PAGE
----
Pediatricians spend much time frightening parents with something like a 1 in 100,000 combined risk from vaccine-preventable diseases when parents question the utility and safety of vaccines…. Yet these very same professionals offer formula samples

with the other hand – when the magnitude of health risks associated with the use of formula is 500 times greater.” – Dr. Linda Folden Palmer, ‘The Deadly Influence of Formula’.

One of the most important things you can do for your baby is breast feed him. Breast milk is important because:

1. It is species appropriate milk. Human milk is meant for human babies.

2. It contains exactly the right levels of nutrients that he needs, unlike formula which is cow’s milk and tailored to a calf.

3. It contains long chain fatty acids essential for human brain growth, not included in most formulas.

4. It contains antibodies to disease and white blood cells for the immune system, not present in formula.

5. It fulfils a baby’s biological need to breast feed from it’s mother and helps to safeguard the baby’s emotional health throughout life.

6. Breast feeding mums don’t get as much breast cancer as mums who have never breast fed.

Breast Milk Kills Cancer!

One of the reasons we now have 1 in 3 people affected by cancer is that we are seeing a whole generation of people who were brought up on formula milk.

A few years ago immunology student, Anders Hakansson1, of Lund University, Sweden, was experimenting by mixing human milk, cancer cells and bacteria. To his surprise the cancer cells were “acting up”. Their volume was decreasing and their nuclei shrinking. Hakansson’s supervisor, Catharina Svanborg, quickly recognized that the cancer cells were committing suicide. The phenomenon of apoptosis, whereby the body rids itself of old and unnecessary cells was well known, however for this to occur with cancer cells was unknown as their usual pattern is to reproduce in an uncontrolled fashion. Something in the breastmilk caused the cancer cells to self-destruct. Svanborg and her team had already done extensive investigation in the ability of breastmilk to protect the gut lining from invasive bacteria such as pneumococcus that causes the increased rates of upper respiratory tract infections and otitis media in children not breastfed. And so they began to track down the cancer-killing component in breastmilk. Then in 1995 they reported2 that the protein alpha-lactalbumin, or alpha-lac for short, was capable of targeting not only cancer cells but also other immature and rapidly growing cells, leaving stable, mature cells for growth and development. Alpha-lac’s amazing capabilities may explain in part why formula fed infants suffer from increased rates of infectious diseases as well as childhood cancers.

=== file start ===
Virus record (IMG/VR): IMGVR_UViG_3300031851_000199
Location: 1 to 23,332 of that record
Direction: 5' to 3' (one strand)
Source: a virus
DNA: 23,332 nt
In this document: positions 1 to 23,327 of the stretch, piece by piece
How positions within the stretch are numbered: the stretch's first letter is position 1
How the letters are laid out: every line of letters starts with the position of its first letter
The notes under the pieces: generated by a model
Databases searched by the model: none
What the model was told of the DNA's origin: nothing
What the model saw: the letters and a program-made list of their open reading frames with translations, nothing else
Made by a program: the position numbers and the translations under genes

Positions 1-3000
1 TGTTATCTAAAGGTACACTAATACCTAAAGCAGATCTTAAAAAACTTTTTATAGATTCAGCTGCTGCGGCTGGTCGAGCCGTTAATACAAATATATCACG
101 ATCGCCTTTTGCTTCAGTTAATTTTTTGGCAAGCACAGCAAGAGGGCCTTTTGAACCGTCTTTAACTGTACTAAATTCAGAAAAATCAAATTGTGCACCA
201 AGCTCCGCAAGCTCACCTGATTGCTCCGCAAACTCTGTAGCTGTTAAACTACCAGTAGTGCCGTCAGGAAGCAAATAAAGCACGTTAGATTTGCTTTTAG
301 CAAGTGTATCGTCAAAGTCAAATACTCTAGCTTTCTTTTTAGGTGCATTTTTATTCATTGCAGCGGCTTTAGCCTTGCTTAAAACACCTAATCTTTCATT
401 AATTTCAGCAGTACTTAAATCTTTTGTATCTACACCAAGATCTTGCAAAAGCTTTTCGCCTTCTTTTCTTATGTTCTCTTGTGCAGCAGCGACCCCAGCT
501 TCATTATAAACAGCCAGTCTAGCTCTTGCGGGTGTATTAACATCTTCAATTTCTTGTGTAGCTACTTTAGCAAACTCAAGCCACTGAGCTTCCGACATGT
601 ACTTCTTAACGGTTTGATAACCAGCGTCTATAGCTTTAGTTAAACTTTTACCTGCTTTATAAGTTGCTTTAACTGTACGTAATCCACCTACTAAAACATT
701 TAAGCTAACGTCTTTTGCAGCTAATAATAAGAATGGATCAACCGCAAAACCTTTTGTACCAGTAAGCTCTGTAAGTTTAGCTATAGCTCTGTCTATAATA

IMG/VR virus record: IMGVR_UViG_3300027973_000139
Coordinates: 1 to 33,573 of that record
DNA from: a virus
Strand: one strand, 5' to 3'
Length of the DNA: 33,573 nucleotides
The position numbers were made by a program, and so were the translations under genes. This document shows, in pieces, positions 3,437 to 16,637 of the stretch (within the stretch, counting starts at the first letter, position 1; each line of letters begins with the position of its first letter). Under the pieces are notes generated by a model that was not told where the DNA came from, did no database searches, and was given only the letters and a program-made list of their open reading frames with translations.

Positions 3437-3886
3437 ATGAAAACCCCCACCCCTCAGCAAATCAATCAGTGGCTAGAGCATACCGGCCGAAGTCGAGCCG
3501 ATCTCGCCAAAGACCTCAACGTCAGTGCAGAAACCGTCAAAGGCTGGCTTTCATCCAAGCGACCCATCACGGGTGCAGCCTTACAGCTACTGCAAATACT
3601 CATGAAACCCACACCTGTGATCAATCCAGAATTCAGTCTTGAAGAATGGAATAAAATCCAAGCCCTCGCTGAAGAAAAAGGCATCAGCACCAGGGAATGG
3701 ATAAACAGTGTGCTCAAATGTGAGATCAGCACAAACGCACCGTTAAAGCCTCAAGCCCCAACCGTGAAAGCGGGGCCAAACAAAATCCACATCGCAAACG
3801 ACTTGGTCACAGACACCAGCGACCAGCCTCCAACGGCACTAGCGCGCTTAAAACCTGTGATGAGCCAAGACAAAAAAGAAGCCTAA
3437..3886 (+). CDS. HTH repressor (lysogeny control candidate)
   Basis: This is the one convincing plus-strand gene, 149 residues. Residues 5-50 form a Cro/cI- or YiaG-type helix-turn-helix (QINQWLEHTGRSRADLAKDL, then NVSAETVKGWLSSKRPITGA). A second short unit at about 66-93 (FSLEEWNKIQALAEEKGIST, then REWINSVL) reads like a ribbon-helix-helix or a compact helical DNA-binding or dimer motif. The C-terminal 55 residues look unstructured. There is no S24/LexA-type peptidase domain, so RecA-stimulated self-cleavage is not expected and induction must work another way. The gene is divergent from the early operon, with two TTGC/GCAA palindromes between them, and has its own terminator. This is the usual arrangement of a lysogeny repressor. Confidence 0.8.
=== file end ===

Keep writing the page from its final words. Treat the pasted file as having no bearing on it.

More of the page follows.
1. Discover Magazine, June 30, 1999

2. Hakahsson, A. et al. Apoptosis induced by a human milk protein. Proc Natl Acad Sci. 92:8064-8068, 1995

Breast Milk Kills Polio Says Inventor Of Polio Vaccine!

Did you know that Albert Sabin, inventor of the oral polio vaccine, did the first study on the anti-polio properties of breast milk? He infected mice with polio and then took breast milk from 71 American women and fed it to the mice. The breast milk had an 84% success rate at neutralising polio. (Albert Sabin and Howard Fieldsteel, ‘Anti-poliomyelitic Activity of Human and Bovine Colostrum and Milk’, Journal of Pediatrics, 29 (1962).

Here is another article talking about how breast milk kills polio:

Poliomyelitis antibodies in human colostrum and milk

Clarified human milk and serum from nursing mothers were tested against each of the three types of purified concentrated poliomyelitis antigens with the use of the microimmunodiffusion technique. Precipitin lines were obtained with both milk and serum. The continuity of the reaction lines of milk with those of the corresponding sera indicates that the antibody in milk is identical with that of serum.


The Journal of Pediatrics

Volume 64, Issue 1, January 1964, Pages 79-82

Here is a journal article commenting on the above study – although the author is mistaken that it was a landmark study. Two years before in 1962, Albert Sabin himself had already discovered breast milks power to kill polio.

50 Years Ago in The Journal of Pediatrics-Poliomyelitis antibodies in human colostrum and milk